The Dispatch: More from CWR...

Good news after a very bad year

Good things have been happening this past year, and as the Church heads into Holy Week it’s time to recognize some of them.

(Image: Lorenzo Lamonica/Unsplash.com)

There is no need to belabor the awfulness of the year of lockdowns, shutdowns, and other downers that began in mid-March 2020. Among the failures that will bear serious scrutiny going forward are those of inept local governments. If Americans can fly an SUV-sized robotic rover to a planet 292 million miles away, and then soft-land it on a dime, why can’t we distribute vaccines rapidly? (Perhaps the vaccination program should be led by NASA’s Jet Propulsion Laboratory, one agency of government that seems to know what it’s doing.)

But enough complaining is enough. Good things have been happening this past year, and as the Church heads into Holy Week it’s time to recognize some of them; to be grateful for the exemplary Catholics who make these important initiatives possible; and to pray for their flourishing in the future.

The “Nones” who claim no religious affiliation because they think science has rendered religion useless – as well as those who know that the science-and-religion conversation is one of the most fascinating encounters on offer today – should have a look at the website of the Society of Catholic Scientists.

From a standing start in 2016, the Society has grown to over 1,300 members in 50 countries. As a forum for exchange among scientists, the Society fosters Christian community. As a resource for the Church, the Society offers accessible, credible materials to those charged with transmitting the faith in a culture that often imagines science to be the only font of truth. As an association of leading scientists in their fields, the Society’s very existence demonstrates the compatibility of scientific rigor and religious conviction.

The Society’s website is a treasure trove of fascinating materials, including biographies of prominent scientists who were Catholics, a section on “Common Questions” about science and Catholic faith, and longer articles aimed at a general audience. Every Catholic high school religion or theology teacher in the English-speaking world should be aware of the Society, its website, and its invaluable materials.

My friends at the Dominican House of Studies in Washington have made a resounding success of Aquinas 101, a brilliantly conceived and executed series of animated YouTube videos that explain the truths of the Catholic tradition in an engaging way.

When Pope Leo XIII urged a close study of Aquinas as a resource for the Church’s response to the cultural and social acids of secular modernity, he certainly didn’t have YouTube in mind. Still, the Dominicans in charge of Aquinas 101 have given 21st-century form to Leo XIII’s 1879 hope for a Thomistic revival in the Church. And the fact that over 54,300 people have signed up for Aquinas 101 courses, which have gotten well over a million views, suggests that Aquinas 101 is satisfying a thirst for real learning and deep understanding at a historical moment too often dominated by the shrillest, least thoughtful voices. Join the learning and the fun at this intellectual feast by signing up at the Aquinas 101 website.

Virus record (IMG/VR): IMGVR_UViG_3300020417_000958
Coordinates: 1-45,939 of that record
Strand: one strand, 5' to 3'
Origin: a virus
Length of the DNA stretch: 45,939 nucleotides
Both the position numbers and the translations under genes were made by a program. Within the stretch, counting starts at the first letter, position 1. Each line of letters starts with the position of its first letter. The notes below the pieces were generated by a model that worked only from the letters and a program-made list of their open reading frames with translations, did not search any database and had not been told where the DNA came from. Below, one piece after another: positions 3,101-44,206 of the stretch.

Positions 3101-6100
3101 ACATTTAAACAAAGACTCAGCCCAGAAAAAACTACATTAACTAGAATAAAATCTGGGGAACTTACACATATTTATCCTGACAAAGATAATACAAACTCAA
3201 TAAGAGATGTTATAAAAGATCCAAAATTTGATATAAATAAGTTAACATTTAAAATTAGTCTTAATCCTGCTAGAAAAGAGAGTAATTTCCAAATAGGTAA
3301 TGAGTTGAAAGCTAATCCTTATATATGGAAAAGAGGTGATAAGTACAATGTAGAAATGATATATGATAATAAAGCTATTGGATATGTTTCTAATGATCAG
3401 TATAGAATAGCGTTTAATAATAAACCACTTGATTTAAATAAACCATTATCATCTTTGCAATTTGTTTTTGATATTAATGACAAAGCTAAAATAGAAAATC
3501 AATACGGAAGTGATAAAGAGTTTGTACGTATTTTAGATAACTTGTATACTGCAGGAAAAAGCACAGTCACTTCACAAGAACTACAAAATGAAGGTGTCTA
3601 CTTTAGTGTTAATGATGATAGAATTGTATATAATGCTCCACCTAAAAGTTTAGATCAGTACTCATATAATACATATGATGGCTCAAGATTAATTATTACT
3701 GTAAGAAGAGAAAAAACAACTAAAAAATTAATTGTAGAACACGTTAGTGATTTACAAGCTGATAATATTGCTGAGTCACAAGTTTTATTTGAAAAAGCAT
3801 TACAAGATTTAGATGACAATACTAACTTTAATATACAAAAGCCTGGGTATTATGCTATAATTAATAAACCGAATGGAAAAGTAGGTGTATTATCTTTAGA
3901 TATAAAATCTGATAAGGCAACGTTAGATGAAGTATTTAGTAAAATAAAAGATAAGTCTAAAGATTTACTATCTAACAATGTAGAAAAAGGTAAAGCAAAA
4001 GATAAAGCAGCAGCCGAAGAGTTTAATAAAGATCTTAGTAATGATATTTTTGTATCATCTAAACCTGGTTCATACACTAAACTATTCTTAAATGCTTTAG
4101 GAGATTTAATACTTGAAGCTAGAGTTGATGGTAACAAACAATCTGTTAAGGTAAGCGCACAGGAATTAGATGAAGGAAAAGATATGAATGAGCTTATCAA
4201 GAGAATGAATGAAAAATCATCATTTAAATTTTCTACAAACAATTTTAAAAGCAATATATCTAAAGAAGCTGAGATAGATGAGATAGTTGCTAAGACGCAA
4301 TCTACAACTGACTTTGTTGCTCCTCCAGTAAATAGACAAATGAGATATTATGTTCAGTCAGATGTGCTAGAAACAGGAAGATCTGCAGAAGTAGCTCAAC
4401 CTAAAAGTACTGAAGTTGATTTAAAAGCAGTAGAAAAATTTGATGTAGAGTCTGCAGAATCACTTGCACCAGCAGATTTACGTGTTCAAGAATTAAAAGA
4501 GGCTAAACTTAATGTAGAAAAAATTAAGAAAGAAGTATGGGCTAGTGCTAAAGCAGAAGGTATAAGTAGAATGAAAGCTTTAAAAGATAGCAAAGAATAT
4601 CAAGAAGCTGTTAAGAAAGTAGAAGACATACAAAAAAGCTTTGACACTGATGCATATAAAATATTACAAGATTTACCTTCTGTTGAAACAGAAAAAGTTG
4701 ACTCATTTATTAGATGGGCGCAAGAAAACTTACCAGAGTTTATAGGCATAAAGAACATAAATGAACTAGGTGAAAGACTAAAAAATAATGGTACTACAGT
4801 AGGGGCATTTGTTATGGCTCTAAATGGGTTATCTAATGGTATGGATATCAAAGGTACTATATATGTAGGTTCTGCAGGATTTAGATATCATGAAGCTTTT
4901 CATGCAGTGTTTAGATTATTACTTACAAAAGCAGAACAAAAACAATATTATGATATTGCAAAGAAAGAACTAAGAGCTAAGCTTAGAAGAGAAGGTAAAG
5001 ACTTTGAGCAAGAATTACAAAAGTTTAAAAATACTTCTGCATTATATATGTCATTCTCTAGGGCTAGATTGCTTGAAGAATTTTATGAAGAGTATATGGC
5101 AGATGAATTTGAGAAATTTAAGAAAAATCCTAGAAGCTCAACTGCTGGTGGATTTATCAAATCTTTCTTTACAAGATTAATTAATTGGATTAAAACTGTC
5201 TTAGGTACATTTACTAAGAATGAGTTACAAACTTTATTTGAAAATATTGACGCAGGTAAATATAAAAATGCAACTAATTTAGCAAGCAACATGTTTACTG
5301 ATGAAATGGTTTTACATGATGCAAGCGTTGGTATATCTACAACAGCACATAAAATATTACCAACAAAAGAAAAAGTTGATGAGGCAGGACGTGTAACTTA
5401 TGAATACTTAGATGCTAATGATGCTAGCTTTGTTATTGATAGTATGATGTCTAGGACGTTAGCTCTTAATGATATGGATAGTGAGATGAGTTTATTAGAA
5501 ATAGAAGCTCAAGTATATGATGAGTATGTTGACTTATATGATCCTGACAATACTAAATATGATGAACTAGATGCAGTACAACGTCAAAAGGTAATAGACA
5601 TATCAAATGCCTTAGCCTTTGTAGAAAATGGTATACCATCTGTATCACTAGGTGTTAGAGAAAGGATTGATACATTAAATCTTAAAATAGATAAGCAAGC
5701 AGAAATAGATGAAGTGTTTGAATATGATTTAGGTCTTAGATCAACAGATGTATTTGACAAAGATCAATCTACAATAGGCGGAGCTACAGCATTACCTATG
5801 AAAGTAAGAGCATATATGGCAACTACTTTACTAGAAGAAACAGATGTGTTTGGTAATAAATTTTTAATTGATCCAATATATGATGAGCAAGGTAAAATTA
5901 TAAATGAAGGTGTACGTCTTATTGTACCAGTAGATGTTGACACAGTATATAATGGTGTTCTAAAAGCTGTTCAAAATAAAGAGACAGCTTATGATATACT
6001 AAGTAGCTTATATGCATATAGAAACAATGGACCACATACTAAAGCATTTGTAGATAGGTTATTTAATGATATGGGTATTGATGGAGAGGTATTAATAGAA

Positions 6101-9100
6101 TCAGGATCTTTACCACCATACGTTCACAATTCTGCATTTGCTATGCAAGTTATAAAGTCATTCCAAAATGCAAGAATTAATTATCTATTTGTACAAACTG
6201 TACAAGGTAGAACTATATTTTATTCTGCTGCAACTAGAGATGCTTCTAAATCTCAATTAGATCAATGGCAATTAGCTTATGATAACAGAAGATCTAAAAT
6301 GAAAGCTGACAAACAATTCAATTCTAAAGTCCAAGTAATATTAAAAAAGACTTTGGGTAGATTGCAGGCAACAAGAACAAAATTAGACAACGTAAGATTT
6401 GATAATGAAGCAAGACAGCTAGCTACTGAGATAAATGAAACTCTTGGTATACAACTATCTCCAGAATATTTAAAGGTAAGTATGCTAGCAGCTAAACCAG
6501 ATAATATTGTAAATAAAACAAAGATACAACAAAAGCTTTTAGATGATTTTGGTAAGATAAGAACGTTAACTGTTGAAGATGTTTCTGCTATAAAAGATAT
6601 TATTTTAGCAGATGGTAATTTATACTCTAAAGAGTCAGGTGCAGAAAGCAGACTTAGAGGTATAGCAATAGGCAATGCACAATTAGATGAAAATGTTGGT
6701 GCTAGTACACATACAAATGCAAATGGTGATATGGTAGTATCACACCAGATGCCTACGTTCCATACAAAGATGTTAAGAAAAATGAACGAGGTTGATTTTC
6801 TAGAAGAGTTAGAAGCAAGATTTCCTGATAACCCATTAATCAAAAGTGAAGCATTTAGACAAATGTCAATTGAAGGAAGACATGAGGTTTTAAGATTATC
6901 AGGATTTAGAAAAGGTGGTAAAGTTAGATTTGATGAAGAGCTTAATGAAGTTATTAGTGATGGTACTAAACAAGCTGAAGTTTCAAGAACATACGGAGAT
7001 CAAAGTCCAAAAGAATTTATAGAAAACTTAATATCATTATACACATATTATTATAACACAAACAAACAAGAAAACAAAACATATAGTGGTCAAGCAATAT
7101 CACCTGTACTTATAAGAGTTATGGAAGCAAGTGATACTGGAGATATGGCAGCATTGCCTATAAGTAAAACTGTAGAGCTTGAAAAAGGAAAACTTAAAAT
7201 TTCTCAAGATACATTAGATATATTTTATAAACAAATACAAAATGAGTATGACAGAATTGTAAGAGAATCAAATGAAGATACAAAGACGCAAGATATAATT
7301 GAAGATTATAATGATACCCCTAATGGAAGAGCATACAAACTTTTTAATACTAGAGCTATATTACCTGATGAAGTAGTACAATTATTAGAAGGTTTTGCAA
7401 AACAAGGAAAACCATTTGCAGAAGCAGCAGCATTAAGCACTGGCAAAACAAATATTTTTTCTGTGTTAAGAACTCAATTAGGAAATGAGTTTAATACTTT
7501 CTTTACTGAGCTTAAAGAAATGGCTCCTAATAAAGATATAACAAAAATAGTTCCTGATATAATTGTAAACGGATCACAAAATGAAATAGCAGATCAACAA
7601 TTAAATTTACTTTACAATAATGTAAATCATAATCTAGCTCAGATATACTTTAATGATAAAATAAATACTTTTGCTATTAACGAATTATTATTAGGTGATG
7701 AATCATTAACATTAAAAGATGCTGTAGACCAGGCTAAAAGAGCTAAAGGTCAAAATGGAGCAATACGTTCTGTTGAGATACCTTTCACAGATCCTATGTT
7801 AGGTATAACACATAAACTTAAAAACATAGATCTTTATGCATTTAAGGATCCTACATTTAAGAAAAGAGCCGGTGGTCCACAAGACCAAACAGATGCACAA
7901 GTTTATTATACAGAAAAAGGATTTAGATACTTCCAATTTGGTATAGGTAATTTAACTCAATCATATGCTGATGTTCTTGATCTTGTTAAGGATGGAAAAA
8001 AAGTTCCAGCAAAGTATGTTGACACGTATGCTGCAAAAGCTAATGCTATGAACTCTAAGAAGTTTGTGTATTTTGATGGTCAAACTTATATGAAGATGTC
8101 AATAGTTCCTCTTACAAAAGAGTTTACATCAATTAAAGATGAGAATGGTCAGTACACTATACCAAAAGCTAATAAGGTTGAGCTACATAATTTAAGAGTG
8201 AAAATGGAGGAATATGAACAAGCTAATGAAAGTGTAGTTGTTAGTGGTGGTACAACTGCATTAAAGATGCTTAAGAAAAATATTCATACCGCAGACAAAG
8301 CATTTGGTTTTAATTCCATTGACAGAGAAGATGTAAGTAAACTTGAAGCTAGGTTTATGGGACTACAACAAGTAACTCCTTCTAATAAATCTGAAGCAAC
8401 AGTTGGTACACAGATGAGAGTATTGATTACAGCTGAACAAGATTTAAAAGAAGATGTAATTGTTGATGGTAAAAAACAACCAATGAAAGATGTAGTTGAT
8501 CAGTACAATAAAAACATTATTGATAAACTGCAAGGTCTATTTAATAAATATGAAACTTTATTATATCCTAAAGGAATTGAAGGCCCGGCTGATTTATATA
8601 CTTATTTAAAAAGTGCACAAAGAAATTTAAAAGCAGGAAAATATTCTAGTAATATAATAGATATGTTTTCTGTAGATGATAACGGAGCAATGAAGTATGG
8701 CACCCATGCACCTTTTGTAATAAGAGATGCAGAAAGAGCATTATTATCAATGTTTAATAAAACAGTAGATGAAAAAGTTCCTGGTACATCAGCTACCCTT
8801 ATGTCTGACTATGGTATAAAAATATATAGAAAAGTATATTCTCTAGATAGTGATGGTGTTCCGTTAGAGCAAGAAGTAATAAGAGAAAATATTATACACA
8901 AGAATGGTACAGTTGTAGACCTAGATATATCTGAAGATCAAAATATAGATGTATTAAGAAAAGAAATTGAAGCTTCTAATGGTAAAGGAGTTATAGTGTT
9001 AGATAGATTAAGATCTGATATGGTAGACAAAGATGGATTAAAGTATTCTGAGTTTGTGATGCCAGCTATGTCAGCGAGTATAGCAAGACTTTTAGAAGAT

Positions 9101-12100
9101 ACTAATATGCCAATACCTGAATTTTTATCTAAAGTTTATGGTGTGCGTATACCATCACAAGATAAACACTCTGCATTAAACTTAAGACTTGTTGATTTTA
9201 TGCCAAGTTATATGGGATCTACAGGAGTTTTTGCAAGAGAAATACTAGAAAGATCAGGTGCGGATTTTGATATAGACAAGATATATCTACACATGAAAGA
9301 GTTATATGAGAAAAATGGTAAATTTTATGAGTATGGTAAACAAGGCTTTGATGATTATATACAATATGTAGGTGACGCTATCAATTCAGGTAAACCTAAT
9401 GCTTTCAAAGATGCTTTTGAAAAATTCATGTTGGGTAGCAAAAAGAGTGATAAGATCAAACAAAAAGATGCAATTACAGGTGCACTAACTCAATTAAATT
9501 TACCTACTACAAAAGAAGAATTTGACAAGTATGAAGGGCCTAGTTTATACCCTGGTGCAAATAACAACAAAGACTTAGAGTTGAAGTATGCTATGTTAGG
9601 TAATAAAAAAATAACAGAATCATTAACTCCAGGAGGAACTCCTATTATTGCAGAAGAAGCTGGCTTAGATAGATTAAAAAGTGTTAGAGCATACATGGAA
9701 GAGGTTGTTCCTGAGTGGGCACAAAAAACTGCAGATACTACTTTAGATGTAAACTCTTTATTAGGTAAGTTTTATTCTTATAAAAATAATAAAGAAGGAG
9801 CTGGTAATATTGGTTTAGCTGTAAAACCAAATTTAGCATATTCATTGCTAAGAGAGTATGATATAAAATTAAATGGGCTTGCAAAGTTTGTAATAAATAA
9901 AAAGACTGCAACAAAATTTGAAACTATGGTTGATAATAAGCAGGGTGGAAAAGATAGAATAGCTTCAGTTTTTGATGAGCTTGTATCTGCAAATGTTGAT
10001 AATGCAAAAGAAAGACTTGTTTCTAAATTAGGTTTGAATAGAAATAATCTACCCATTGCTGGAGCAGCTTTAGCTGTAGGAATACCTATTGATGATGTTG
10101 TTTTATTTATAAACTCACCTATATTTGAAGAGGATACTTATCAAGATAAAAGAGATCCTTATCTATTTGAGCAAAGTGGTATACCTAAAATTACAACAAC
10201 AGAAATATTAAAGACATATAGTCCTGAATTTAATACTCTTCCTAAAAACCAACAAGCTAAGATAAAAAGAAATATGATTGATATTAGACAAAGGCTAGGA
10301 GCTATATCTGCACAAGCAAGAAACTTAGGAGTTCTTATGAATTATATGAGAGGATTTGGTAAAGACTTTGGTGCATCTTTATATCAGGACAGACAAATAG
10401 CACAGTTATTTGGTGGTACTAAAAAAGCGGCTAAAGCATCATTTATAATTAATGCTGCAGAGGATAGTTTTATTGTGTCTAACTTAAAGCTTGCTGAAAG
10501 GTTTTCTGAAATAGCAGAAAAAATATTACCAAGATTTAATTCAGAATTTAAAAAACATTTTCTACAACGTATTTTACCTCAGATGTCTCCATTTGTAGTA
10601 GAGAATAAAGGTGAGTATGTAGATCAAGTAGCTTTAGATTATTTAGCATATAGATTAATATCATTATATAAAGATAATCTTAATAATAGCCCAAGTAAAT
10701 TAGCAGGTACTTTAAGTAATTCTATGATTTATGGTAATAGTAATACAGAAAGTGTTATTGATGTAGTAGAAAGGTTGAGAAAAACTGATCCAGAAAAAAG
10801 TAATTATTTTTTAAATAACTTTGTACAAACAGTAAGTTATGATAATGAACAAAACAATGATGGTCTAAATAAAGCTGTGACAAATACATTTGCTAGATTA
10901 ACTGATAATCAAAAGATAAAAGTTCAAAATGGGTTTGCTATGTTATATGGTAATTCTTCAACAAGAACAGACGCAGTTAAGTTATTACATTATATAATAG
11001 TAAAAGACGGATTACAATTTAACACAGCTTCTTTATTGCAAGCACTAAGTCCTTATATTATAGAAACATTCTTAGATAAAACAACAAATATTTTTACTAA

The Ukrainian Catholic University in L’viv is a miracle. More than 70 years of communist brutality left Ukrainian society morally and culturally shattered. But the great 20th-century leaders of the Ukrainian Greek Catholic Church, Metropolitans Andrey Sheptytsky and Josyf Slipyj, had long dreamt of a Catholic center of higher learning in Ukraine. And under the dynamic leadership of a Harvard-educated Ukrainian-American, Borys Gudziak (now the Ukrainian Greek Catholic Archeparch of Philadelphia), that dream has been realized in this dynamic university with a mission of cultural renewal. Because UCU understands that true education involves human formation, spiritual formation, and service to society as well as intellectual engagement, it has become a model for Catholic higher learning in the 21st century. Everyone who cares about the life of the Catholic mind and the education of Catholic leaders for the future will be heartened by watching the university’s story here. (Be sure to click CC at the bottom of the screen for English subtitles if your Ukrainian isn’t quite up to speed).

Then there is the Person and Identity Project, led by Mary Rice Hasson and a team of brilliant Catholic women. As it becomes clear that “gender theory” is the most aggressive force in what only the obtuse will deny is a culture war, the project offers schools, parishes, and dioceses full-day workshops and individual presentations to assist Catholic educators and pastors in meeting gender theory’s assault on the biblical and Catholic view of the human person. Many have profited from this thoughtful project. Many, many more should.


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About George Weigel 330 Articles
George Weigel is Distinguished Senior Fellow of Washington's Ethics and Public Policy Center, where he holds the William E. Simon Chair in Catholic Studies. He is the author of over twenty books, including Witness to Hope: The Biography of Pope John Paul II (1999), The End and the Beginning: Pope John Paul II—The Victory of Freedom, the Last Years, the Legacy (2010), and The Irony of Modern Catholic History: How the Church Rediscovered Itself and Challenged the Modern World to Reform. His most recent books are The Next Pope: The Office of Peter and a Church in Mission (2020), and Not Forgotten: Elegies for, and Reminiscences of, a Diverse Cast of Characters, Most of Them Admirable (Ignatius, 2021).

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